Stephen Malkmus & the Jicks
Cat’s Cradle, Carrboro
Monday, March 3
At the end of the first song of Stephen Malkmus & the Jicks
’ show at Cat’s Cradle on Monday night
, a technician came onstage to aid the former Pavement
frontman while the other Jicks began strumming an impromptu version of Pixies’ “Here Comes Your Man.” It turned out that the wiring of Malkmus’ guitar was shocking him, traveling through his limbs and torso to leave his lips tingling with the current. But it was Philadelphia’s Purling Hiss
that truly seemed electrified.
When Purling Hiss took the stage, the venue was a gawping hole occupied only by 50 or so people. Later, the crowd filled out for Malkmus, despite the icy weather. Based solely on raucousness, it would be easy to call Purling Hiss the night’s standout act, though that’s not entirely fair. Their set, culled mostly from 2013’s excellent Water on Mars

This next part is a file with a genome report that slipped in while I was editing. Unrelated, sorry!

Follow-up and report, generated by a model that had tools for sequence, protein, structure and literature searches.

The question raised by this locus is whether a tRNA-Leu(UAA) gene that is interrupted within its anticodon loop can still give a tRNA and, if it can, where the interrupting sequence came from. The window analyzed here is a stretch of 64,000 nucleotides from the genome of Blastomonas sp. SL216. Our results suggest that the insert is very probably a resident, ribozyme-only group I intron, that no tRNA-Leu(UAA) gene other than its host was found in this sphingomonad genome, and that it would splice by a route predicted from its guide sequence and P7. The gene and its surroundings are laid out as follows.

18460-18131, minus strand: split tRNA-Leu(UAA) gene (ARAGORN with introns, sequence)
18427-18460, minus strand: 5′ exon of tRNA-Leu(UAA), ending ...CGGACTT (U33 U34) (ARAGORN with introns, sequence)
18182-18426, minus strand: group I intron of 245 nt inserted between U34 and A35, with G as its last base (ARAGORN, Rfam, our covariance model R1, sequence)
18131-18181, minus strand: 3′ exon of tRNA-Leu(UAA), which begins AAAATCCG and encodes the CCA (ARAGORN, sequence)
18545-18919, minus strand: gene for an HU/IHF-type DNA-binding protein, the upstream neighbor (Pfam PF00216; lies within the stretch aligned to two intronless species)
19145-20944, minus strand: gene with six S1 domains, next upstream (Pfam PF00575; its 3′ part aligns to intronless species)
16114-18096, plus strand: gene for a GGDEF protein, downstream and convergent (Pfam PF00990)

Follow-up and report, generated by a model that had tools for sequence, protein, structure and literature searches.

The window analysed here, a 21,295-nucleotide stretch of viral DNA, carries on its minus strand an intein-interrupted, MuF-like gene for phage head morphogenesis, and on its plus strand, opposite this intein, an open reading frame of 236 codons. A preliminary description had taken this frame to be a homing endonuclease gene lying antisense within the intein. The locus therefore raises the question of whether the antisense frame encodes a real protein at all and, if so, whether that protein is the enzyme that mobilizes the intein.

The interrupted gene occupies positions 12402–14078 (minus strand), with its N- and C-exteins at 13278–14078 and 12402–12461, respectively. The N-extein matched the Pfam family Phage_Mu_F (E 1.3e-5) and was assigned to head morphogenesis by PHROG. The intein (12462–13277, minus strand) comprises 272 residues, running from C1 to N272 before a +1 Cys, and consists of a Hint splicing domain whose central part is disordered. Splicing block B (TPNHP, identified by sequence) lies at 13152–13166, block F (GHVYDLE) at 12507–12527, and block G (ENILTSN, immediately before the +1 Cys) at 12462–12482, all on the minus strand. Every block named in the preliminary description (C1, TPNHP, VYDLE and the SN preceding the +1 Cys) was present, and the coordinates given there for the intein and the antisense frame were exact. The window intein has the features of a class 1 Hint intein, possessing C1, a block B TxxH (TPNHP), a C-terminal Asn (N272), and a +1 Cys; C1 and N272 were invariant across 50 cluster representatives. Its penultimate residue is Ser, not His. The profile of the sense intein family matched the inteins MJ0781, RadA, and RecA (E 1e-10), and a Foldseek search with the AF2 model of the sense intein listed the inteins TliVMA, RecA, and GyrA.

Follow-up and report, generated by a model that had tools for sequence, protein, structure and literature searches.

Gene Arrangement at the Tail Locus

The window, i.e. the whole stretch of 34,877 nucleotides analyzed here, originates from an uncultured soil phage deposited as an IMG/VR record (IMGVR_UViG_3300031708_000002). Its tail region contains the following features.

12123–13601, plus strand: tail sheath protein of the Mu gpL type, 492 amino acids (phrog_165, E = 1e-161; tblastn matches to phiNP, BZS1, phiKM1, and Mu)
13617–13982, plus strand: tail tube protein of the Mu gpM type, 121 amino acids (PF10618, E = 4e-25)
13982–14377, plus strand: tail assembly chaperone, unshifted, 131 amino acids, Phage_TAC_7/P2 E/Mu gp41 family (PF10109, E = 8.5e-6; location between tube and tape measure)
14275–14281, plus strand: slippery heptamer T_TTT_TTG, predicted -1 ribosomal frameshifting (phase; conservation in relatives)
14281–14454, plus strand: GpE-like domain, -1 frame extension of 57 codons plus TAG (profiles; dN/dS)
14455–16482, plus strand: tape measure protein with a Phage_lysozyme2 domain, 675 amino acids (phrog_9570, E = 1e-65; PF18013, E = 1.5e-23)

, was furious and unrelenting. Like occasional label-mate Ty Segall
, they spit well-placed yelps like epithets, with a furious pace that inspired equally furious foot-tapping. Malkmus’ modern mid-tempo style barely attempts this fury, let alone the meteorological impact of a Purling Hiss song like “Lolita.”
Like whiskey and a chaser, Purling Hiss’ riffs singed, while Malkmus’ affable songs were the balm, easier to swallow. Enjoying them didn’t require a rebellious streak, a leather jacket or a fantasy about riding a Harley. They’re just good songs that evoke the ’90s in a particular way. They brought the cool dads out in force, in their thick-framed glasses and well-trimmed beards. But there were also a gaggle of twenty-somethings singing along to “Lariat.”
Malkmus’ core fans came of age when I was still far too young to collect any Pavement singles, and aside from a few months in college spent ruminating over Quarantine the Past
, Pavement’s greatest hits album, I was never a devotee. I went into this show fresh-faced and freezing, only hoping that I would be able to drive home and that the band would play “Senator”
(you know, the song they can’t play on the radio). As genteel as Stephen Malkmus & the Jicks might be, they tap into the same elemental source that makes modern college kids go buy Pavement’s Slanted & Enchanted
. They aren’t anthemic, punchy or riotous—they’re likeable and witty. Live, they simply light up at a lower voltage than Purling Hiss.